Since the cannabis industry is so new and unregulated, delta-8 products have slipped through the cracks. You can find delta-8 THC products sold as vape pens, gummies, oils, and capsules. Many states are cracking down on these THC products and banning delta-8 and other isomers of THC altogether while it remains legal federally.

Is Delta-8 THC Safe?

In most healthy individuals, naturally-derived cannabinoids seem to be safe and well-tolerated.

Some users have reported negative experiences with delta-8 THC, such as anxiety, rapid heart rate, paranoia, and insomnia. Most of these accounts were a result of poor dosing, as too much delta-8 THC can make the psychoactive effects feel overwhelming, but it's not necessarily dangerous.

As a psychoactive compound, you should not drive or operate heavy machinery under the influence of delta-8 THC—regardless of whether it comes from hemp. It is known to impair judgment, slow reaction times, and alter one's perceptions, but these effects should wear off within 4–6 hours.

Most of the concerns surrounding the safety of delta-8 THC and other cannabinoids is the lack of regulation in the production and product labeling.

The hype surrounding cannabis as a "cure-all" is no shock. Humans have a long history of its use for various ailments, but the scientific research on the active compounds and their effects is still relatively new. With new age medicines and all-natural wellness becoming the season's trend, many people turn to hemp-derived products sold at convenience stores over advice from their doctors, which can pose serious health risks for those who require medical attention for their problems.

The other issue lies in some hemp businesses' poor production practices. Pesticides, heavy metals, and solvents have been detected in third-party lab tests in some of the delta-8 THC products that could pose serious health risks.

The National Poison Control Centers and FDA have issued statements of adverse event reports involving delta-8 THC products. Fourteen cases reported to the FDA, hallucinations, loss of consciousness, vomiting, and loss of balance—the patients had to go to a hospital or emergency room treatment from ingestion of these products.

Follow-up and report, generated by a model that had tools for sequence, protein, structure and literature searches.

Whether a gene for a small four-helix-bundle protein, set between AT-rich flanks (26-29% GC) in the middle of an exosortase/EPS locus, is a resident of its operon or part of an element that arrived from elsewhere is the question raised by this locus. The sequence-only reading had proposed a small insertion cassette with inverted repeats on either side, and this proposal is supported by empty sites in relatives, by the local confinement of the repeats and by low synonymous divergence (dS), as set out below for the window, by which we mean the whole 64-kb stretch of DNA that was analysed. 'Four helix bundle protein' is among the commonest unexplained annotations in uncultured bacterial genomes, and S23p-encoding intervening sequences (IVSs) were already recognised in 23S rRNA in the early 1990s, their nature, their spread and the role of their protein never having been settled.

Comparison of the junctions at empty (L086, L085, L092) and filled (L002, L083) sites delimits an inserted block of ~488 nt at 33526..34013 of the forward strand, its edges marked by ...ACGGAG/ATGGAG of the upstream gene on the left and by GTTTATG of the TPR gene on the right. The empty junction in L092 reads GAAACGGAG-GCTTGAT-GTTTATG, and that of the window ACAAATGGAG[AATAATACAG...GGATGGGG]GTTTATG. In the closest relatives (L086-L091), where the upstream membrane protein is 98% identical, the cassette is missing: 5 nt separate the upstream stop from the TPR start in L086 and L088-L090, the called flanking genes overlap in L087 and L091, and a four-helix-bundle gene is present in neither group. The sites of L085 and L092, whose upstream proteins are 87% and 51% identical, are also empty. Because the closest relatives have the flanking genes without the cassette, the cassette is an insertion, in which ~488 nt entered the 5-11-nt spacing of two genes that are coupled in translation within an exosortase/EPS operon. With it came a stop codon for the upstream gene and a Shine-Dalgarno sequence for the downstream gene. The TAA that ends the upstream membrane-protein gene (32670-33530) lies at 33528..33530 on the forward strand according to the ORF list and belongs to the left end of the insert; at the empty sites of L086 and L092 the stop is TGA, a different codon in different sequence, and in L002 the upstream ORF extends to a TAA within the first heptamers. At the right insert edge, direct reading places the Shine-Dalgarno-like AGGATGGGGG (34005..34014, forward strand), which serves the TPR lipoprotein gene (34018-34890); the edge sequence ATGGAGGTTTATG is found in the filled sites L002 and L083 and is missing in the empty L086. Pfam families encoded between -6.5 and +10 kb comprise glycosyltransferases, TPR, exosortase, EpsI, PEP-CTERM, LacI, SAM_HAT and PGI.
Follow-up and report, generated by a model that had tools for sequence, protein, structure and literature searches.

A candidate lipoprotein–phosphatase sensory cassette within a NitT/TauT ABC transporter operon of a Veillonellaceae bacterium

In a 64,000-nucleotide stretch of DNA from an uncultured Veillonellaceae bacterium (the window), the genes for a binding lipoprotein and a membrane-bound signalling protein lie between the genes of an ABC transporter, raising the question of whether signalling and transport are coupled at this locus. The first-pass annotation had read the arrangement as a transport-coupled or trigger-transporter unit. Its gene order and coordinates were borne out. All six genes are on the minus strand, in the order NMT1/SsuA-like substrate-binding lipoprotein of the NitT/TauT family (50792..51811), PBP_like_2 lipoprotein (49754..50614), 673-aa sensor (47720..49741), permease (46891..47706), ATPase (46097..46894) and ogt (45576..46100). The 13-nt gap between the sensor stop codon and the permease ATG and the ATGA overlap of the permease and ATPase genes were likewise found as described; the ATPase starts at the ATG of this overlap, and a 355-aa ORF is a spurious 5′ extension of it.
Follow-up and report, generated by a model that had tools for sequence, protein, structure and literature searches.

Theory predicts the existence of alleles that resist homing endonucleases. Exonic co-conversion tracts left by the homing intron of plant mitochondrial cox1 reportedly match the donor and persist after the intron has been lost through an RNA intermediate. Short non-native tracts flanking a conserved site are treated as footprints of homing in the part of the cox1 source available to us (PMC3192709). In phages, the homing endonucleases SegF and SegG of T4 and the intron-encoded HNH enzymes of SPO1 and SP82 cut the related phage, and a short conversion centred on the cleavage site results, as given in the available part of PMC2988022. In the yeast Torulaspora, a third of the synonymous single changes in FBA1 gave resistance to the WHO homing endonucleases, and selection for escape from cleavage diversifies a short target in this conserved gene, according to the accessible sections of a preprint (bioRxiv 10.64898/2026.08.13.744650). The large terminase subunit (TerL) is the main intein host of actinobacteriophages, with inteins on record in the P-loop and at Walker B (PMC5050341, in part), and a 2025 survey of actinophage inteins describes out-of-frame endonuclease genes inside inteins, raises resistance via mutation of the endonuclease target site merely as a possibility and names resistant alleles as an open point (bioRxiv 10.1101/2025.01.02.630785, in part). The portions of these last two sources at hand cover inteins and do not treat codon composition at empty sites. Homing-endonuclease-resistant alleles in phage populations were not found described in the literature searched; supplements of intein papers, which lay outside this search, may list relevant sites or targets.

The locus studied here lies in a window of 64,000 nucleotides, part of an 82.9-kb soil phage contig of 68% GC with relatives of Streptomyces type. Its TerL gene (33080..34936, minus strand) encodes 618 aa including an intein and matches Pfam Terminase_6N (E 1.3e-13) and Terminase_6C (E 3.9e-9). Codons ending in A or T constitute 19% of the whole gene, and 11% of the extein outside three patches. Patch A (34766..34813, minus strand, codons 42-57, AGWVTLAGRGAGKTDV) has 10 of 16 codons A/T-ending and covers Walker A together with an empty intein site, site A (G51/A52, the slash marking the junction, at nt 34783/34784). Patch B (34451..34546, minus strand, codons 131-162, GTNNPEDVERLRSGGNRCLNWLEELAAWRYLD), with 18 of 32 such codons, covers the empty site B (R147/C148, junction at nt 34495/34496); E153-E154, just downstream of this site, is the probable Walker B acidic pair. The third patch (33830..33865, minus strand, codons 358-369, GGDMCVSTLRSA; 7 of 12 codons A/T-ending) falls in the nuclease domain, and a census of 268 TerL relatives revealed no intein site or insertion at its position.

Summary Of The Controlled Substance Act And Cannabis

According to the Drug Enforcement Administration, only marijuana is considered a mind-altering (psychoactive) drug, and THC (delta-9) is the main compound responsible for its psychoactive effect.

While no deaths from marijuana overdoses recovered, marijuana remains a Schedule I substance under the Controlled Substances Act. It has a high potential for abuse and does not have any accepted medical use in treatment in the United States. Some states have allowed adult recreational use.

The federal government classifies drugs according to the likelihood of becoming addicted to them and their clinical applications.

Only the Food and Drug Administration (FDA) has the authority to approve drugs for medical use, and there are currently no approved marijuana products on the market for clinical indication.

A synthetic version of THC called Marinol or dronabinol is prescribed to control nausea, vomiting, and loss of appetite to support chemotherapy treatments or AIDS patients. Marino is a Schedule III drug as it may be habit-forming and has risks for worsening psychosis.

Syndros is another THC-based oral medication used to treat anorexia by increasing one's appetite and is sometimes prescribed to treat nausea and vomiting. It's a Controlled Schedule II drug and is deemed a higher risk for substance abuse disorder than Marinol.

Hemp-derived cannabinoids like CBN, CBG, and CBD products are widely available online and in stores. There's only one FDA-approved CBD drug prescribed for treating epilepsy.

The hemp products on the market are not authorized to make health claims to cure, treat, or mitigate illnesses. Many hemp companies have received warning letters and fines from the FDA when they fail to comply with their regulations.

Epidoloex is a Schedule V controlled substance. While they're only accessibly with a doctor's prescription, they have a lower risk for substance abuse.

Why Delta 8 THC Could Be Illegal